Microkelvin investigations (µKI)
Different subsystems of matter may have very different temperatures at the same time, though they may be spatially inseparable. Fascinating examples of this are the assemblies of nuclear spins and conduction electrons in metals. Experiments on condensed matter well below 1 mK can be performed routinely in a carefully designed cryostat, combining a powerful dilution refrigerator and an adiabatic nuclear demagnetization stage.
Dr. Juha Tuoriniemi
Experiments on condensed matter well below 1 mK can be performed routinely in a carefully designed cryostat combining a powerful dilution refrigerator and an adiabatic nuclear demagnetization stage.
Systems still thermally active at such low temperatures include most nuclear spin ensembles, fermion fluids (pure and dilute He-3), and some conduction electron systems, which fail to develop superconductivity or magnetic ordering at higher temperatures.
µKI Group currently focus to two main lines of research: to the search of superfluidity of He-3 in dilute mixtures of the helium isotopes and to the study of helium crystals. These subjects were earlier studied by two separate groups: YKI and Interface, correspondingly.
The past achievements include the observations of spontaneous long range magnetic ordering of the nuclear spin systems in copper, silver, and lithium. Experiments at negative absolute temperatures have been performed in silver and rhodium. The lowest temperature ever achieved was recorded in 1999 - the spin temperature of nuclei in rhodium metal was reduced to about 0.000 000 000 1 K = 100 pK by a cascade nuclear demagnetization technique.
The search of superfluidity of He-3 in dilute mixtures of the helium isotopes
We develop a new method for cooling helium mixtures by a so-called adiabatic melting technique. The micro-Kelvin capacity of our cryostat will be used to cool pure He-3 into the superfluid state prior to letting it mix with pure He-4. The isotope separation in the experimental chamber at ultra low temperatures will be achieved by the solidification of He-4 due to applied pressure, which, once released, will lead to melting of the He-4 crystal, mixing of the isotopes, and consequent dilution cooling. The cooling ratio by dilution of the thermally isolated helium mixture increases dramatically as the initial temperature of pure He-3 is decreased below its superfluid transition point. This way, temperatures far below 0.1 mK, which is the practical limit for cooling helium mixtures by conventional techniques, should become achievable.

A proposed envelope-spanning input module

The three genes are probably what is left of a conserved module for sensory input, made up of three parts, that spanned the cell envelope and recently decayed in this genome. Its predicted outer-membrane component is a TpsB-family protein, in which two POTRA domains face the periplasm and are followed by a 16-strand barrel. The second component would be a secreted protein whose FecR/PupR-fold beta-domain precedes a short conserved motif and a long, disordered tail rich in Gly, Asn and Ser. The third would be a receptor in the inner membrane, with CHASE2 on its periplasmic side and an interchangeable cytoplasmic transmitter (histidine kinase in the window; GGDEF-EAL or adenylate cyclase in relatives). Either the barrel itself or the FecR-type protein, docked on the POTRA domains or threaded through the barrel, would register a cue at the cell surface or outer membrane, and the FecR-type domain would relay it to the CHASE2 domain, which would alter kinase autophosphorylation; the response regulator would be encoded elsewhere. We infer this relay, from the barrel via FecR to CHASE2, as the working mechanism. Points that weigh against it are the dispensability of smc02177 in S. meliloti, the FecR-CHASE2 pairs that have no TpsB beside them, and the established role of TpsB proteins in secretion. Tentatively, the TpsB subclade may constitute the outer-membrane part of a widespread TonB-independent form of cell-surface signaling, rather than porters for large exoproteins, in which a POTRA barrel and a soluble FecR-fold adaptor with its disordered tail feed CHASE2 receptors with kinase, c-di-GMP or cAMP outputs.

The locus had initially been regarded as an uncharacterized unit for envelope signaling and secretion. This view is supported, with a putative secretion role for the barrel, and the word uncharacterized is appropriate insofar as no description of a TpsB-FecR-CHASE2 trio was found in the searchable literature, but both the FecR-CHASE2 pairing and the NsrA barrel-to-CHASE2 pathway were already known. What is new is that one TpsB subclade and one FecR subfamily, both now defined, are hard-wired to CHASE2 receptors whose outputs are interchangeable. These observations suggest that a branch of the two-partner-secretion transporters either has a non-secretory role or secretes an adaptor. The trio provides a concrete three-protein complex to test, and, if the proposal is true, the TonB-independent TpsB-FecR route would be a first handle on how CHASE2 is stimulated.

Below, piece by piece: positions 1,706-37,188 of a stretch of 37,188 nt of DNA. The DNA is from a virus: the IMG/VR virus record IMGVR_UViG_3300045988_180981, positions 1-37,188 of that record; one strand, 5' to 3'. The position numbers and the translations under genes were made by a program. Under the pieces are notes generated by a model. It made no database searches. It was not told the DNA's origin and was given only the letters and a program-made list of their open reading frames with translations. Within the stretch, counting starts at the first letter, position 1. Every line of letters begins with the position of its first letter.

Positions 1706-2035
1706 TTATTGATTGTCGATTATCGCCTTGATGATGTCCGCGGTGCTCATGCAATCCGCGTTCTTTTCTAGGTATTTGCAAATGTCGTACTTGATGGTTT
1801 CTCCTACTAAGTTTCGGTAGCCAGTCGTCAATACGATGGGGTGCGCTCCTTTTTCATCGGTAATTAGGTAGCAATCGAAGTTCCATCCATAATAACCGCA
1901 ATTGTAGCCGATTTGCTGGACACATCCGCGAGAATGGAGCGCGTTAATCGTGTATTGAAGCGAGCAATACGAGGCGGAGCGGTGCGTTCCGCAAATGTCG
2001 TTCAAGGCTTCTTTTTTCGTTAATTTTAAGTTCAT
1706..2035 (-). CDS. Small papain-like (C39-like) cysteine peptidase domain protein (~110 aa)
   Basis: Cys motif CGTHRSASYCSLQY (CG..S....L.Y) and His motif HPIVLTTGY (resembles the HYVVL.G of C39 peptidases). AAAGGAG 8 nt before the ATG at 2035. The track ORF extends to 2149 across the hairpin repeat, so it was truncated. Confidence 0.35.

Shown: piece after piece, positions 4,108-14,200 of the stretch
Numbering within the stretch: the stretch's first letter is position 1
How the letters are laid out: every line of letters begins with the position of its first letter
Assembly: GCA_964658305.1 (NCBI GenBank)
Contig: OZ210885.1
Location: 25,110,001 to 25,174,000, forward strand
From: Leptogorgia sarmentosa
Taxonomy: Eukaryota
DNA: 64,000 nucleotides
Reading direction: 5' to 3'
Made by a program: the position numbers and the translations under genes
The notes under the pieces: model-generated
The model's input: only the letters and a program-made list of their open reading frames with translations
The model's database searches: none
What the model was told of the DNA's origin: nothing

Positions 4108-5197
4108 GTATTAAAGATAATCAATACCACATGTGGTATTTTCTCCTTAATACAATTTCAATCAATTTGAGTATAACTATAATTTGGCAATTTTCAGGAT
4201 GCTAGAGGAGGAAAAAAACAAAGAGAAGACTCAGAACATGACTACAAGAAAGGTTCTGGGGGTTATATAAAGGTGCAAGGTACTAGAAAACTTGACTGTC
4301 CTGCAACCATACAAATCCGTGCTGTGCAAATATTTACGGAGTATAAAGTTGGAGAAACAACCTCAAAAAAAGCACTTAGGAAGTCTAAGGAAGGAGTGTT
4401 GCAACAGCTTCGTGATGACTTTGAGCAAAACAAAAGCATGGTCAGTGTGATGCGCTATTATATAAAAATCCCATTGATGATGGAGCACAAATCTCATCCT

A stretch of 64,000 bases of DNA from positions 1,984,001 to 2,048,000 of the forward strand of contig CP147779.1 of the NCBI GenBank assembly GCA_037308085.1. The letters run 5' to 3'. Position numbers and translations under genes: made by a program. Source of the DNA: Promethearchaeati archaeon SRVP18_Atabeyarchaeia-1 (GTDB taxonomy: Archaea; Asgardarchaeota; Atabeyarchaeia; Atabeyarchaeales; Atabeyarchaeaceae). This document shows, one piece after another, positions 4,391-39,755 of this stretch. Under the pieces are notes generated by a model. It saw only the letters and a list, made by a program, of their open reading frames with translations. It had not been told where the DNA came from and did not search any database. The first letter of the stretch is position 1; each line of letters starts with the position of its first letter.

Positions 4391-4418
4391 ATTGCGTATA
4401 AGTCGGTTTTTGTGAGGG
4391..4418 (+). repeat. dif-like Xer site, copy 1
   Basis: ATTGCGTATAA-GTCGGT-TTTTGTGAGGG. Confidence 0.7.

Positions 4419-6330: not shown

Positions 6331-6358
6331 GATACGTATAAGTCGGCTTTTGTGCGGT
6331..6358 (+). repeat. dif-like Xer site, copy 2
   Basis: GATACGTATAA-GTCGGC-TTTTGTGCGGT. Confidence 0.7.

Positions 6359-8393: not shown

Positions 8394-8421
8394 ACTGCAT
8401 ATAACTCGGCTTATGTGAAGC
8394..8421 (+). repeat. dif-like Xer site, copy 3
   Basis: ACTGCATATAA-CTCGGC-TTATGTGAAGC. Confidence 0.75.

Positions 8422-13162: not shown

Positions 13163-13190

The study of helium crystals
Helium crystals present a beautiful model system in which general properties of crystalline surfaces such as the equilibrium crystal shape, surface phase transitions (roughening) and elementary mechanisms of the crystal growth can be studied over a wide temperature range, in principle down to absolute zero. In addition, helium crystals reveal several exceptional phenomena like crystallization waves which are the melting-freezing waves on the superfluid-solid interface and which are due to quantum properties of liquid and solid helium at low temperatures.
In the current project the shape and growth dynamics of He-3 and He-4 crystals has been studied at ultra low temperatures. For imaging the crystals we used a unique low-temperature Fabry-Pérot interferometer, which is built inside the nuclear demagnetization cryostat and which allows simultaneous observations of the global shape of the crystals as well as fine details of the liquid-solid interface. In past several original results were obtained, as the discovery of a multitude of different types of facets (smooth flat faces) on He-3 crystals and the accurate measurements on the growth dynamics of He-3 crystals along the melting curve down to 0.0005 K. In future the effect of a magnetic field on the properties of the liquid-solid interface of He-3 will be investigated.
Eleven different types of facets observed on the surface of helium-3 crystals.